But Safford says it goes further than that. "It's about competitive companies," he says. "We'd all like to think that Seattle is popular because it's cool, but come on, it's because of Amazon and Microsoft: companies that generate cash. They're not stuck in the past."
America’s top 5 downsized cities
2. Flint, Mich.
5. Dayton, Ohio
This article was written by Lauren Sherman for Forbes.
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mot: Make sure your "right brained artsy" is informed before you shoot your mouth off.
Not Into Cars: Wow, this thread is dated a couple months ago. Still, just in case you come back to shoot your own mouth off, just know that I am plenty informed. The fact is, everybody is different, and not everybody's situation is like yours. You'll need to come to grips with that fact, because you'll find it wherever you go. It's people with your attitude that make Michigan so distasteful for anyone with any creativity. Once again, just in case you misunderstood: Not everyone's family and friends are exactly like yours. Live with it, or you'll be very unhappy attempting to change people's mindsets.
So no big surprise that Ohio leads the list. But if you check out the other top ten cities on the inventory you’ll find that the photos are actually flattering – other then maybe y-town. So why this for Cleveland?
Serious, that’s the best anyone could find?
- Understand the proper usage of the word you're. It is a contraction, or a combination of the words you and are. Other examples of contractions include doesn't, they're, and can't.
- "You're a good friend." ("YOU ARE a good friend.")
- "I don't know what you're talking about." ("I don't know what YOU ARE talking about.")
- Understand the proper usage of the word your. The word your is the possessive form of you, referring to something that a person has, or something that belongs to the person in discussion [or, the person you are talking to].
- "Is your stomach growling?"
- "Your book is on the table."
- Wrong again!
mot: Make sure your "right-brained artsy" is informed before you shoot your mouth off.
Not Into Cars: My "right-brained artsy" is more informed than you seem to be, and in case you haven't noticed - nobody is using their mouths, they're using their FINGERS. They're typing on KEYBOARDS. Maybe the people YOU know, in YOUR circle of friends and family, still have jobs, but you're forgetting that you and yours are not the only ones in the state. Consider yourselves very lucky, because that's not how it is for everybody. Until you can walk a mile in someone else's shoes, don't shoot your mouth off. Or, in this case, don't shoot your FINGERS off. Keep them still until you have the facts. In this case, you don't.
I did not read one word about crippling taxes, huge government beauracracies, larger unions, and DEMOCRAT/Liberal domination.
Thanks for being biased!
Not into Cars...
I'm in Michigan.
I'm in retail. My wife is in hospitality. Most of my friends and family are in education. There are more friends and family in agriculture.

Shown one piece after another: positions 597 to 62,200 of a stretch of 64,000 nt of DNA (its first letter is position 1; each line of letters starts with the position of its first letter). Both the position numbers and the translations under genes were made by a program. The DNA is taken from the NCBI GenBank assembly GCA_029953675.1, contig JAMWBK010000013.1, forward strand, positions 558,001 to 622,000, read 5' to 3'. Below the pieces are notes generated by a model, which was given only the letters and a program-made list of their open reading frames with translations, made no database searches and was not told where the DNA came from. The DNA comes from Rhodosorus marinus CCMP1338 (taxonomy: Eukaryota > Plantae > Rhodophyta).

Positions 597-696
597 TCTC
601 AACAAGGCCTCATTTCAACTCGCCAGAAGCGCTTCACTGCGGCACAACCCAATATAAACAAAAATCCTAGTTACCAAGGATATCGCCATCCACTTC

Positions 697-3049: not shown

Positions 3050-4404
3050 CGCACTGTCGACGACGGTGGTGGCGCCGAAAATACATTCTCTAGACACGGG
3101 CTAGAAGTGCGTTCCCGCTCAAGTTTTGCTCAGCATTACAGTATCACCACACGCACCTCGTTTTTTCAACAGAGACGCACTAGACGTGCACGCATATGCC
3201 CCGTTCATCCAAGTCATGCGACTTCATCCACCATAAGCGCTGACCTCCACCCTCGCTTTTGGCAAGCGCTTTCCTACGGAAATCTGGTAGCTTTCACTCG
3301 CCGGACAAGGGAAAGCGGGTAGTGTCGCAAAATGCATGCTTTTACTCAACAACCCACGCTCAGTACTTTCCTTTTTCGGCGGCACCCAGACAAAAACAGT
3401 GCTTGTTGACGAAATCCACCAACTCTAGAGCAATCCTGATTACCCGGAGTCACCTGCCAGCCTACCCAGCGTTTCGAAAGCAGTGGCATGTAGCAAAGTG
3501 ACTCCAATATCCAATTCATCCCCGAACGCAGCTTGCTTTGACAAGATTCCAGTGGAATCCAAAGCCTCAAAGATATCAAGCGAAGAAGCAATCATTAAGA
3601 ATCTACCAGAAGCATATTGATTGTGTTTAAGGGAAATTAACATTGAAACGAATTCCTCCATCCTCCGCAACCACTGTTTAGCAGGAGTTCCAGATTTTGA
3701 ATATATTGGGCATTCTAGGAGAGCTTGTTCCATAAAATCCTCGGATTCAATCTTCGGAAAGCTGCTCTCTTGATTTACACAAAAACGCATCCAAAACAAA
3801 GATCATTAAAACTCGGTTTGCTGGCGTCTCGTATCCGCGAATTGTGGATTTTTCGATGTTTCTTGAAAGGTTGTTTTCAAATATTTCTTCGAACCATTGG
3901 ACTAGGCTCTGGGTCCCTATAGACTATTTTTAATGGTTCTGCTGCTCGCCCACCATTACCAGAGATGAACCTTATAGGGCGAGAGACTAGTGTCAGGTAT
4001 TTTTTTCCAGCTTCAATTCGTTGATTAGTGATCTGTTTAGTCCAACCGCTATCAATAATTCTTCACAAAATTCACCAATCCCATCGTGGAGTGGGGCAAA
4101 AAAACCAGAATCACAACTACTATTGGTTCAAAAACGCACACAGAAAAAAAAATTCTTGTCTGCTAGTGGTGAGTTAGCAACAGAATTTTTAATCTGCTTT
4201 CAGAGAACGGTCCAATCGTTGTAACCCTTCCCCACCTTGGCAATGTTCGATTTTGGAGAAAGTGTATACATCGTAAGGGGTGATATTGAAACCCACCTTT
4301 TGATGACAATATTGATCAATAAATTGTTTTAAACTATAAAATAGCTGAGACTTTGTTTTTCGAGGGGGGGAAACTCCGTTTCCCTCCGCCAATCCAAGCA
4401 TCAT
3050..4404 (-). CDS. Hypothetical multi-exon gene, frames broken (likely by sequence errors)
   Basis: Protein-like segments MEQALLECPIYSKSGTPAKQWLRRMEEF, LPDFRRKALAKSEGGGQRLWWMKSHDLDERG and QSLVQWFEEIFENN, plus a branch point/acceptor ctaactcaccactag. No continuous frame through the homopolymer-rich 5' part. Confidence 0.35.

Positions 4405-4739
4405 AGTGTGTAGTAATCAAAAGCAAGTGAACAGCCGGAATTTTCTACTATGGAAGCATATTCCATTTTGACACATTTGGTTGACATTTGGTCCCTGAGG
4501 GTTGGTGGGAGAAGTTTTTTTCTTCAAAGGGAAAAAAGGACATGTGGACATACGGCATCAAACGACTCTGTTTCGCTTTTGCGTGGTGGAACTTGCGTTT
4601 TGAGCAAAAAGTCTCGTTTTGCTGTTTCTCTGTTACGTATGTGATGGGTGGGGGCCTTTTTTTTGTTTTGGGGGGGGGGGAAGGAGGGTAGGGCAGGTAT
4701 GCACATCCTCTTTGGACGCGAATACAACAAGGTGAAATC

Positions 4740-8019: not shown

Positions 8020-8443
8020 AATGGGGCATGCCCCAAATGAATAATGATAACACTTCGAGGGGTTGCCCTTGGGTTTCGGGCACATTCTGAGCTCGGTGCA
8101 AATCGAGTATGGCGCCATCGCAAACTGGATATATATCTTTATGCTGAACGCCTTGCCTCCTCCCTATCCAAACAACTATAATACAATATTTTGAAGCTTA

I have one and only one family member in the auto industry. The last I knew, he still had a job.
When I say friends and family members, I mean over 50 people.
Make sure your "right-brained artsy" is informed before you shoot your mouth off.
In reply to Andy_Shenyang :
Rather than critiquing the content or context, we're now deciding whether someone is worth listening to or paying attention to, simply based upon spelling, punctuation and/or grammar? I am from Ohio but live in Florida. It breaks my heart to see what is happening up north to these fine cities. It's all part of population redistribution, keep your eyes on these cities and watch to see who moves in and capitalizes on cheap real estate!
It amazes me how Ms. Sherman can expend all kinds of verbiage on describing the decline of labor-intensive industries, and its corollary effect on declining populations, but doesn't write a single word about how high taxes, unions, and government regulation have combined to destroy wealth and job-creation opportunities for the citizens of Michigan, Ohio, New York, and many other high-tax/high-regulation states. These states don't need better reputations or fancy marketing plans, they need lower taxes and less government regulation if they hope to keep their populations from voting with their feet and moving to Texas.
Seattle feels every hiccup in the Aerospace industry. And just to put Washington in it's place, Boeing moved corporate headquarters to Chicago.
What happens to Renton and Everett when Boeing moves production to Oklahoma and Alabama?
Of course, now in economic times...people flee to TX (every big city in Texas made the top 10). Is this coincidence that Texas tends towards self governing? However, Californian’s stay out! Quit ruining the great cities and state with your massive bankrupting ideas and incredibly self centered ideologies. You need to live in the mess you’re votes created.